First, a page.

The Modi government has banned documentary-film ‘Lynch Nation‘ about public lynchings in India. The 42-minute documentary is a crowdfunded project that documents lynching incidents reported in India since Narendra Modi was elected to office in 2014.
It’s no secret that Modi’s politics are based on ‘Hinduvta supremacy‘ and he has openly condoned hate crimes against Muslims, Dalits, women and other marginalized communities. This in turn has has prompted an uptick in such crimes all over the country.
When it comes to crimes, the Modi government has refused to accept responsibility for the actions of Hindu citizens. In fact, the rulers themselves have promoted such behavior in fiery speeches and rallies.
Judging by this, its no surprise why the Modi government does not want Lynch Nation released in India, so that people are deprived of the truth. The government is considering asking YouTube to take down the trailer for a documentary. Legally, they can do that.
Lynch Nation’s trailer was released on YouTube on September 2018.
Three months later, the documentary was uploaded on the US-based video-sharing platform Vimeo. The file isn’t publicly available and is password-protected. One requires a link from the film-makers to view it.
About Lynch Nation
The documentary film mostly covers lynchings by cow vigilantes. These public attacks primarily target Muslims and Dalits, as witnessed in the first term of the Modi government.
Film-makers Ashfaque E.J., Shaheen Ahmed, Furqan Faridi and Vishu Sejwal created the documentary film. All of them belong to minorities in India. Ashfaque and Shaheen are from Kerala, while Furqan and Vishu are from Jammu and Delhi respectively.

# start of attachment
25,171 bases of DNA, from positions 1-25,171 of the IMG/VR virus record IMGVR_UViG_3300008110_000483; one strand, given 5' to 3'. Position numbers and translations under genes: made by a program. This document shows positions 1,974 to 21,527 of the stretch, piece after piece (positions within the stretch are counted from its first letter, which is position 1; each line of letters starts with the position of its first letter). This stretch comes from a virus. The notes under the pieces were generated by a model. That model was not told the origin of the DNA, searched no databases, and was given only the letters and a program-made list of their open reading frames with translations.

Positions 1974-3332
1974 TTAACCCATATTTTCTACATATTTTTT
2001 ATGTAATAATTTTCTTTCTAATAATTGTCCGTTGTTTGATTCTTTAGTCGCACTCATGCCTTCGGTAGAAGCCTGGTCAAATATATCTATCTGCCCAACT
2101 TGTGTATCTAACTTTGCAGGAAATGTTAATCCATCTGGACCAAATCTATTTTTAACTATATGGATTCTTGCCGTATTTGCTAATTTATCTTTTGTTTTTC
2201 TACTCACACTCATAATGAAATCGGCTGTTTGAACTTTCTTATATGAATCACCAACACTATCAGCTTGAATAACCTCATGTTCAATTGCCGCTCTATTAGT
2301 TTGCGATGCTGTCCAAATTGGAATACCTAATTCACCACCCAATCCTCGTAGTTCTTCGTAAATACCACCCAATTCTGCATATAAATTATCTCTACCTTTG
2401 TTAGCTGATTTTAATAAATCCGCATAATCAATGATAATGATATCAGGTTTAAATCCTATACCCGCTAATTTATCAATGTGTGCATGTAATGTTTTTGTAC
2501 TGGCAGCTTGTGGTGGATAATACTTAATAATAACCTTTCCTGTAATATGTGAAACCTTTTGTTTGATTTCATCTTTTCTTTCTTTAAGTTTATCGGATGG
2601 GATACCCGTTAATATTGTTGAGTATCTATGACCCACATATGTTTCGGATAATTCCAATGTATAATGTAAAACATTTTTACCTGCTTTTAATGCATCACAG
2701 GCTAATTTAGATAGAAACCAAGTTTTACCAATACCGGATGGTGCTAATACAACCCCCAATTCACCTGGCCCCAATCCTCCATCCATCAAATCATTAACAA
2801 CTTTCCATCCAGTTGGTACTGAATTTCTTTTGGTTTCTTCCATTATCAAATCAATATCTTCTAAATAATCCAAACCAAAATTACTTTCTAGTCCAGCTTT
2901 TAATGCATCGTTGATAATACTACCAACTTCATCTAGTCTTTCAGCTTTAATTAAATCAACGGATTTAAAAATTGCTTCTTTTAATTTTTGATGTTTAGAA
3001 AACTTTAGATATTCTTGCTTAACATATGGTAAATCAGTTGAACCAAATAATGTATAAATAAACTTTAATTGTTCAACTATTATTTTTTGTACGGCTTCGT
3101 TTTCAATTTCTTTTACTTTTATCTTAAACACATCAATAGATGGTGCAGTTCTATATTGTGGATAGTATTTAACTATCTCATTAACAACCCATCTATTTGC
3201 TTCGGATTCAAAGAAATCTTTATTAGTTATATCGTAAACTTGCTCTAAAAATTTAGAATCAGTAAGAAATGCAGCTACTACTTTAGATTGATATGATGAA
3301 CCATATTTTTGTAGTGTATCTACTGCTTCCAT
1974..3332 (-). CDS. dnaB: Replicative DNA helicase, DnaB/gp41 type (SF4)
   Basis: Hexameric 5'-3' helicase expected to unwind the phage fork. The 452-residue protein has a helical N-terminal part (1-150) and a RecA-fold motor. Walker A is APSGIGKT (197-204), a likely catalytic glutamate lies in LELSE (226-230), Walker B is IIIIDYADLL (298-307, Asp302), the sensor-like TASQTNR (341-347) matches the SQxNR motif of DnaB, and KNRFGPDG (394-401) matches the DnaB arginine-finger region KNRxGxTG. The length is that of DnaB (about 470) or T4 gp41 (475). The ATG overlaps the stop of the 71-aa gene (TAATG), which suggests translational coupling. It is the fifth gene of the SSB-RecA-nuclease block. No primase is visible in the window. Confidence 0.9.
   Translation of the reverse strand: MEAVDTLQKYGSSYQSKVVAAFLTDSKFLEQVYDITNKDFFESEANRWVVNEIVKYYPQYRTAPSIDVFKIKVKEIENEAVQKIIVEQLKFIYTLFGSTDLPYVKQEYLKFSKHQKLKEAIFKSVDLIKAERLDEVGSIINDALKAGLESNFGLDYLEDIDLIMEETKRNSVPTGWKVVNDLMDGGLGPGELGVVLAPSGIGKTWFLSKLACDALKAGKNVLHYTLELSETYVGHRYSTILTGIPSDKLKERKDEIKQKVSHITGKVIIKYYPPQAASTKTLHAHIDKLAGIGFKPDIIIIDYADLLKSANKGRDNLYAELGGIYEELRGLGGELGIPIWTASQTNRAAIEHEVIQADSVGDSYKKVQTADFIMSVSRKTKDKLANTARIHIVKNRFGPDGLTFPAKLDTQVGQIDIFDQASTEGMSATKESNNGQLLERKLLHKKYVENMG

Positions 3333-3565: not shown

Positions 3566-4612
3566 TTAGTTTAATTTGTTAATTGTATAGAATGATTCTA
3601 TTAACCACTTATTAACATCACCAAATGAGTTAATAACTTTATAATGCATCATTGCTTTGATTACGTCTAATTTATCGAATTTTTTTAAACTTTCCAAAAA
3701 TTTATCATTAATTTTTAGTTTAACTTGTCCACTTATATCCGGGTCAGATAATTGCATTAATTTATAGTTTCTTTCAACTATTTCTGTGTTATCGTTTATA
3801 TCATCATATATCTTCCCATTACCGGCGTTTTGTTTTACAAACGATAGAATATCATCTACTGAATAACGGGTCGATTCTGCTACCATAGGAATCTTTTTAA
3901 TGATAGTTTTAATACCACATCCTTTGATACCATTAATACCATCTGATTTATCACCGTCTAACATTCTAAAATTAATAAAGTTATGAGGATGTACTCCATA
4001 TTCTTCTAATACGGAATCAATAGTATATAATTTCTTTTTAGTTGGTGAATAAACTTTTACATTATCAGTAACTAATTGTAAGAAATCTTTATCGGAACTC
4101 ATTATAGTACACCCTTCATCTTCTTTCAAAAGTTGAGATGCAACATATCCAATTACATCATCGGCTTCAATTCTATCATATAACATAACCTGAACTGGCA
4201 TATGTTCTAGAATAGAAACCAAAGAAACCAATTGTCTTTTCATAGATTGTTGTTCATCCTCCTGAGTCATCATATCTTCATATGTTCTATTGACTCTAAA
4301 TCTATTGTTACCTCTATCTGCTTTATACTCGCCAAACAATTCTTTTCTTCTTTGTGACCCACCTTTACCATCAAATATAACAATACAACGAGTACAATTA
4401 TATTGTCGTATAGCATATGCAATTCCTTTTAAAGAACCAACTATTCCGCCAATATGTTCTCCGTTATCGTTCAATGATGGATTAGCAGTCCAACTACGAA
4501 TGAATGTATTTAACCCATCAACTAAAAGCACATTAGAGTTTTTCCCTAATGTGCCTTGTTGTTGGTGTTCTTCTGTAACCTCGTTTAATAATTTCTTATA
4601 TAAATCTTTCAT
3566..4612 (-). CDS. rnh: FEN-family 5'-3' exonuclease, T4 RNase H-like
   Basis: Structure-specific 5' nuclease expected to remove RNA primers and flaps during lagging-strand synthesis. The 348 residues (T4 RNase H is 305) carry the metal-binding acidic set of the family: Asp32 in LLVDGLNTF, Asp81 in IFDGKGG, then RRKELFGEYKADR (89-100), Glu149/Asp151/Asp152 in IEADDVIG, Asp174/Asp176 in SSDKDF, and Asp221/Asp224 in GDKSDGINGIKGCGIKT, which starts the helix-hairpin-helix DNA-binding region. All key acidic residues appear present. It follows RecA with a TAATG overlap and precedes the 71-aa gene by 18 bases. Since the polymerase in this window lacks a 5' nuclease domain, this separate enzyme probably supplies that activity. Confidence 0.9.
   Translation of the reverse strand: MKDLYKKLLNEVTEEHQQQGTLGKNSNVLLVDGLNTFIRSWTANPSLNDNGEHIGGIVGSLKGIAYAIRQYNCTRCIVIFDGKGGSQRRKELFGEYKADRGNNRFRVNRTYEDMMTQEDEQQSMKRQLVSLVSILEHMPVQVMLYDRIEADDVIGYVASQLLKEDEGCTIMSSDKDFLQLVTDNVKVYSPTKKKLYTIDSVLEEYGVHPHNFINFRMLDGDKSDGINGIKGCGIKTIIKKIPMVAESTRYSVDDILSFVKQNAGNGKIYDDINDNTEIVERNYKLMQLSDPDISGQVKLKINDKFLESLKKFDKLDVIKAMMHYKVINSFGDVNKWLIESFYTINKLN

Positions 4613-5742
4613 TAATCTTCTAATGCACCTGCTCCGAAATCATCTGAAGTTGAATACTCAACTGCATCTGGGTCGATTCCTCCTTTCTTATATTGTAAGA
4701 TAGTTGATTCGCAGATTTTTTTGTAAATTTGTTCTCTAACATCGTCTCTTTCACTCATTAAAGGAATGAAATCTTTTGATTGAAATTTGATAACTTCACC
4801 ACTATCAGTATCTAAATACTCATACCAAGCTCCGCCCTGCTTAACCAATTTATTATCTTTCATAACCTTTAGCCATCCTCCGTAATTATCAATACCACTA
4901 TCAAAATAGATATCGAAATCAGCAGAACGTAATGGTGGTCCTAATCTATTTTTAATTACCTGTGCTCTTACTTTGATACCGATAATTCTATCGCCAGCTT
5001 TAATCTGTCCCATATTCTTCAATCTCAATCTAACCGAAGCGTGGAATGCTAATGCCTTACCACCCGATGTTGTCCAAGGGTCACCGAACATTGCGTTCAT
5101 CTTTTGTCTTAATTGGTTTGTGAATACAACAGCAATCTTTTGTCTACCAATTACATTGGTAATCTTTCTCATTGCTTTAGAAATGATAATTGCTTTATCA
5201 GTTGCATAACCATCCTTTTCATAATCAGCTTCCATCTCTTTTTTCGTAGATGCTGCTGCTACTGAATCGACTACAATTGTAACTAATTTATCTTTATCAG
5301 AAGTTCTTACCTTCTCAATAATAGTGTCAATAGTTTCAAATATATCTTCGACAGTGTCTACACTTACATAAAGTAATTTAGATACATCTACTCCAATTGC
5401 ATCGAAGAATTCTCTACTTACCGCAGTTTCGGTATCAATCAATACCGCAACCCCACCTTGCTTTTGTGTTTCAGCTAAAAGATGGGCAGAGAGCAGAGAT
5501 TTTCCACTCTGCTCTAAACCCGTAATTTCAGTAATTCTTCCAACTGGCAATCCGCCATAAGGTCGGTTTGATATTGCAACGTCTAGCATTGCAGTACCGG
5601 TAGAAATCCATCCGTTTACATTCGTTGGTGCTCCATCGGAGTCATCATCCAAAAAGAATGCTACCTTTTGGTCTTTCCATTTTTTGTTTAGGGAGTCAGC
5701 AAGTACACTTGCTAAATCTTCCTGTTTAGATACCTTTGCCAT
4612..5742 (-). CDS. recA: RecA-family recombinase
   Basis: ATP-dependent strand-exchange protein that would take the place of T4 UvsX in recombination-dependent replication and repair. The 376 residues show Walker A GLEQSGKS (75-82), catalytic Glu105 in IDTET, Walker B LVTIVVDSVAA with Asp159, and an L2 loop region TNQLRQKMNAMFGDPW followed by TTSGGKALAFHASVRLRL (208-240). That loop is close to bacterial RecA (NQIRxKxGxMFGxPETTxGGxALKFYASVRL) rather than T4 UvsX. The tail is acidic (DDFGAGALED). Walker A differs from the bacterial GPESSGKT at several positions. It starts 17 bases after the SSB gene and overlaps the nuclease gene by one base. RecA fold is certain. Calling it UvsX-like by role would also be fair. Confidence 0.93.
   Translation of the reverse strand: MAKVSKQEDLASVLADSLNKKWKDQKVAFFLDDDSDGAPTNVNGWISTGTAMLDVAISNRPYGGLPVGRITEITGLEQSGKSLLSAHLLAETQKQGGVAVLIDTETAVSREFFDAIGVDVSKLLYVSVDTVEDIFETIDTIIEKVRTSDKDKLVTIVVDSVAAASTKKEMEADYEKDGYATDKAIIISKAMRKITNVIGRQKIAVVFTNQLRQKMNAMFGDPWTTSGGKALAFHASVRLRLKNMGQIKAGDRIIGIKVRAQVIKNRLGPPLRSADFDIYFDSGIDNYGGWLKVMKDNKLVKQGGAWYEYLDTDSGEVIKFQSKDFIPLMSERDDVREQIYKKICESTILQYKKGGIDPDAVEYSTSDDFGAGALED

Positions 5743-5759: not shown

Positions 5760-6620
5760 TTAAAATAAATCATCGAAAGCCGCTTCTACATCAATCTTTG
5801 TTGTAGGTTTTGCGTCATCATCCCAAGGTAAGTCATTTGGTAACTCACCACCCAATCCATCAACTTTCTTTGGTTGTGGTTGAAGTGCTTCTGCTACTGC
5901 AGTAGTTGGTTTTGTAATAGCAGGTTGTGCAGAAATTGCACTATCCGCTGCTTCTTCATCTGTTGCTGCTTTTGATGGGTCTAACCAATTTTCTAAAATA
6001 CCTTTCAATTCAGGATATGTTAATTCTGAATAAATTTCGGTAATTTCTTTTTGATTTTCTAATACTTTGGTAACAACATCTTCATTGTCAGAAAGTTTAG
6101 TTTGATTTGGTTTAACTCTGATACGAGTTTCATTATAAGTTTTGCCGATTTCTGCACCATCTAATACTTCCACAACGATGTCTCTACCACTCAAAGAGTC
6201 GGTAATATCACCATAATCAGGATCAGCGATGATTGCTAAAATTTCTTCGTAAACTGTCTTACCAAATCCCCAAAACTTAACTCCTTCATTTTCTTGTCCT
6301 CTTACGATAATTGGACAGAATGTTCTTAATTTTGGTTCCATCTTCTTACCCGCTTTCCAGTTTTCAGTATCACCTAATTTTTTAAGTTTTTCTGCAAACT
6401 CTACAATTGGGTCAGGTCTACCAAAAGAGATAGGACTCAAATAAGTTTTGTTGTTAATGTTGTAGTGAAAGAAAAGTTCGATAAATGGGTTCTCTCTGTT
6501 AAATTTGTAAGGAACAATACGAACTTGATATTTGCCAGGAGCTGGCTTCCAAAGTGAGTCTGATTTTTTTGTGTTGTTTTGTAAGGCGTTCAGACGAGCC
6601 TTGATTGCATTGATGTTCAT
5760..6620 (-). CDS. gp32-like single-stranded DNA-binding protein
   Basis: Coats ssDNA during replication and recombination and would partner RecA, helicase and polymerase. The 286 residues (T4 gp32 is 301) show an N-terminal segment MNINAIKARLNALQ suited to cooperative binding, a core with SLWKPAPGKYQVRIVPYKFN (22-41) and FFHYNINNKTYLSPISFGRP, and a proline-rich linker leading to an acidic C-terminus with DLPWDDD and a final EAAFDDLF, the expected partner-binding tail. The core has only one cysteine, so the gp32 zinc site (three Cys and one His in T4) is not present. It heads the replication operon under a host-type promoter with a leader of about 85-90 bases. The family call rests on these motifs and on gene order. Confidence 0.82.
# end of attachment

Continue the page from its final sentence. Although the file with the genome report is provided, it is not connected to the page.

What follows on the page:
Lynch Nations comprises a set of interviews which tell the harrowing tales of lynching survivors and the family of those who lost their lives in the process. The documentary also highlights the political support that helps these ‘cow vigilantes’ get away scot-free.
Lynch Nation Release Date
Despite its best efforts, the Modi government might not be able to block the movie altogether. The documentary has already been released and screened in India.
Although the film is not certificated by the Central Board of Film Certification (CBFC), it can be screened privately. Lynch Nation has screened at several private screening locations across India.
“There is no CBFC certification required for a private screening.”
However, the film is still subject to the Cinematograph Act 1952, even for private screenings. There is a loophole here though. The Cinematograph Act 1952 does not apply to content released via web-platforms. So the Indian government lacks a solid decree to ban the film altogether.
Does India Have Any Options?
While the government can not completely ban Lynch Nation under its current legislation, it can direct internet platforms like YouTube to block links to a film in India. This wouldn’t be the first time India swept a problem under the rug using this method.
Back in 2015, BBC documentary, India’s Daughter was flagged down in a similar manner. The documentary covered the brutal gang rape and murder of a college student on a public bus in December 2012.
The documentary also featured an interview of one of the convicts in the infamous ‘Nirbhaya case‘. At the time, India’s Information and Broadcasting Ministry had issued an advisory to private television broadcasters, asking them not to air the documentary.
via The Print